Kitchen renovation one week in

Today was in many ways annoying, y'all. For one, although I love the Olympics, I just cannot abide by curling and, to a lesser degree of irritation, the biathlon. Thank goodness two friends sent me this hilarious video of cat curling, aka purrling. Now that's a sport!

Also thank goodness I had lunch with one of my favorite people in the world. And thank goodness that I have wonderful neighbors because in addition to dealing with 983 workmen in the house today, various hiccups, and more rain, I needed to make the King Cakes I promised the boys. Every year I send one into each of their classes, and it's a tradition we all love. However, without an oven, baking King Cakes is hard.

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Hence my gratitude for neighbors. One gave me her key for today and in her oven I baked up these beauties which I'd made in my basement kitchen and kneaded and rolled on the boys' craft table. I have not located my stash of plastic Jesus babies, so the cakes will be without this year, but alas. 

Laissez les bons temps rouler!

Laissez les bons temps rouler!

We are entering the realm of extreme holeage. Not pictured here are the new holes in the basement, garage, and exterior of our home. Progress!

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Has it been a week? King Cake, pasta, salad, Nutmeg

It has just occurred to me that I've not slept through the night since January 19, and even then, I was tired. Politics, the March, our kitchen, Nutmeg, various ailments racing through our house and community...I am so tired that today I watched a hilarious skit featuring Seth Meyers (SNL, The Late Show, and a former college-mate of mine) and Kelly Clarkson day-drinking and immediately wondered if I was drunk without my own knowledge.

I am that tired.

So, I have little for you except some recent kitchen wins and a kitchen update and an enormous spot of gratitude for hot tea and the fact that my in-laws have the boys tonight. Praise whomever for local grandparents being a fact of my life.

It's Mardi Gras season, y'all, and so, King Cake. This one was for Jack's family culture evening at school. Although we will have no kitchen starting Tuesday, I have promised cakes for both boys' classes on Mardi Gras Day. Hmm. As usual, I use Southern Living's Traditional King Cake recipe but I do NOT add the lemon juice to the icing. 

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Last night: pasta with Brussels sprouts, speck, and parm. Amen for good carbs on cold nights. Also, it has a distinctly Mardi Gras feel, which I love.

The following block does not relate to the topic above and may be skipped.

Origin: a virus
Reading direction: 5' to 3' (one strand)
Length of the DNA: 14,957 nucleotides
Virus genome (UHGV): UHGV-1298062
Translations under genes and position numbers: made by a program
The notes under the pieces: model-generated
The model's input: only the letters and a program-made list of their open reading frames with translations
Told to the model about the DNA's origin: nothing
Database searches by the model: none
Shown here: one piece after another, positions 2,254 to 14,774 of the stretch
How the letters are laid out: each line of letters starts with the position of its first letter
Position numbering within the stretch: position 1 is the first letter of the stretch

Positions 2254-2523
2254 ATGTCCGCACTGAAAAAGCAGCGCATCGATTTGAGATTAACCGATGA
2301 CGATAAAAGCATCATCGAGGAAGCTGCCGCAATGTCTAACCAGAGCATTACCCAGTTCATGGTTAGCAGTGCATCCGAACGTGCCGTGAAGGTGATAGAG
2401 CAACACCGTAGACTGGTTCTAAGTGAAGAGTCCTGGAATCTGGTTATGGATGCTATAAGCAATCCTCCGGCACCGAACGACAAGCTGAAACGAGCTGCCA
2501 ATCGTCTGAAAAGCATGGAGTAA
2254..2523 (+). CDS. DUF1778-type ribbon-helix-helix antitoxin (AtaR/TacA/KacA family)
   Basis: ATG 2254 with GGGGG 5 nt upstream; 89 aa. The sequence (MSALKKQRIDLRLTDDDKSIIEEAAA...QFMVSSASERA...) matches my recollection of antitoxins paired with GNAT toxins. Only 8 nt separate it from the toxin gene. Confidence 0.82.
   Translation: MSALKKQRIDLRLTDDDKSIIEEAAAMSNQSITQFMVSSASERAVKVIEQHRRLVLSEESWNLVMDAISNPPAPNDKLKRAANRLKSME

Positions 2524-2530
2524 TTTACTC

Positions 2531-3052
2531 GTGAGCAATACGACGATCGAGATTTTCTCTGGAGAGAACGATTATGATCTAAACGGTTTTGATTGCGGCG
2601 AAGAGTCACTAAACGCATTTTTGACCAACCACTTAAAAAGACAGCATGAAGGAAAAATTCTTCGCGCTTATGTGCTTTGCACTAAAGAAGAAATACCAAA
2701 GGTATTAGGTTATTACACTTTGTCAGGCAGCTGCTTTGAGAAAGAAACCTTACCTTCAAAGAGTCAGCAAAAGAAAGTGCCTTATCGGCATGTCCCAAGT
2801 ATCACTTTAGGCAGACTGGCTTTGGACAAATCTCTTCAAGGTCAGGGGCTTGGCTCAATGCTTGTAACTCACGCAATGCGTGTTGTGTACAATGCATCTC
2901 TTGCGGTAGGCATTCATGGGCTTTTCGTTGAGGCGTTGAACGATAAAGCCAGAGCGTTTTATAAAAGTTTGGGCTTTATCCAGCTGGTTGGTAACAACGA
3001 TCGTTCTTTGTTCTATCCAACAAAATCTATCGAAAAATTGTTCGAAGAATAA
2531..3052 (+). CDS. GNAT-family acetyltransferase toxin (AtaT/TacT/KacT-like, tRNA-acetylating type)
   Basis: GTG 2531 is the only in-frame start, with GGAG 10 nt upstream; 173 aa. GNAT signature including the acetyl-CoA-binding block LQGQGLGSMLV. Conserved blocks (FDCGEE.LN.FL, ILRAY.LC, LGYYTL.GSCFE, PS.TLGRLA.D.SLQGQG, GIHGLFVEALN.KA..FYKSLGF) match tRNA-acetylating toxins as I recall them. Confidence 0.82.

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Lastly, a gorgeous winter salad of shaved fennel, avocado, pomelo, roasted and salted pistachios, shaved manchego, salt, pepper, basil olive oil, and blackberry balsamic. Is this not just glorious? It tasted as good!

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The Nut acts as if he were never injured, and mercifully, our kitchen renovation finally commences on Tuesday with demolition day 1. If I could take the first swipe at it all, I would. Maybe I'll ask. I mean, this stupid Nunes memo nonsense has made my blood boil, so perhaps the crew wants a lady eager to crank through some cortisol via sledge hammer?!

Our new range -a stunning charcoal gray beauty from Lacanche via France- arrived last Monday. I have nicknamed her Gal Gadot because she is not only stunning but also strong and charismatic. She will anchor our new kitchen, but many other beautiful treasures will complete the room. I'll keep you posted, but here's a sneak peek of Gal. 

As an aside, why is not all language written in the beautiful scripts of Europe? Just look at those handwritten letters and numbers on the crate. Mon dieu. 

Happy Mardi Gras

Tomorrow (or today, depending on when you're reading this) is Mardi Gras, or Fat Tuesday. As you may know, I make king cakes every year for the kids to bring into their classrooms. Often I'll go too, bringing beads, masks, and music, and sharing some of the history and tradition of Mardi Gras. I find the holiday to be such a fine way to keep my kids aware of and tethered to their Louisiana roots, for Mardi Gras isn't religious (although it has some religious roots) and it epitomizes joie de vivre and celebration, two characteristics of Louisianians that I have always adored.

As the kids have grown, a single king cake has ceased being enough to feed their classmates. This year I doubled the recipes and made two much larger cakes and then a third one to split between us, Jack's math teacher (a Louisiana native), and a few other special teachers and friends. Doing so added a great deal to the cook time, but I'm pretty confident no one will go hungry tomorrow. That said, I expect not a crumb to return home. And that is how it should be.

For the first time, I've added a plastic baby to each cake, comfortable that all the kids are old enough now not to freak out if they cut or bite into a naked infant. Louisiana folks take such knowledge for granted, but I have long wondered if a child who's unfamiliar with the king cake tradition might be traumatized with such a surprise in his or her cake. 

As I usually do, this year I used Southern Living's classic, unfilled king cake recipe. I also made their glaze but omitted the lemon juice as I find it terribly distracting and unwelcome on a cinnamon sugar treat. 

So here you have it, six hours later, much in the way of celebratory cake. Laissez les bons temps rouler!!

after the very successful rising (see top pics), I rolled out subdivided balls of dough, slathered with butter, and sprinkled with cinnamon and sugar.

after the very successful rising (see top pics), I rolled out subdivided balls of dough, slathered with butter, and sprinkled with cinnamon and sugar.

king cakes that have risen and are ready for the oven

king cakes that have risen and are ready for the oven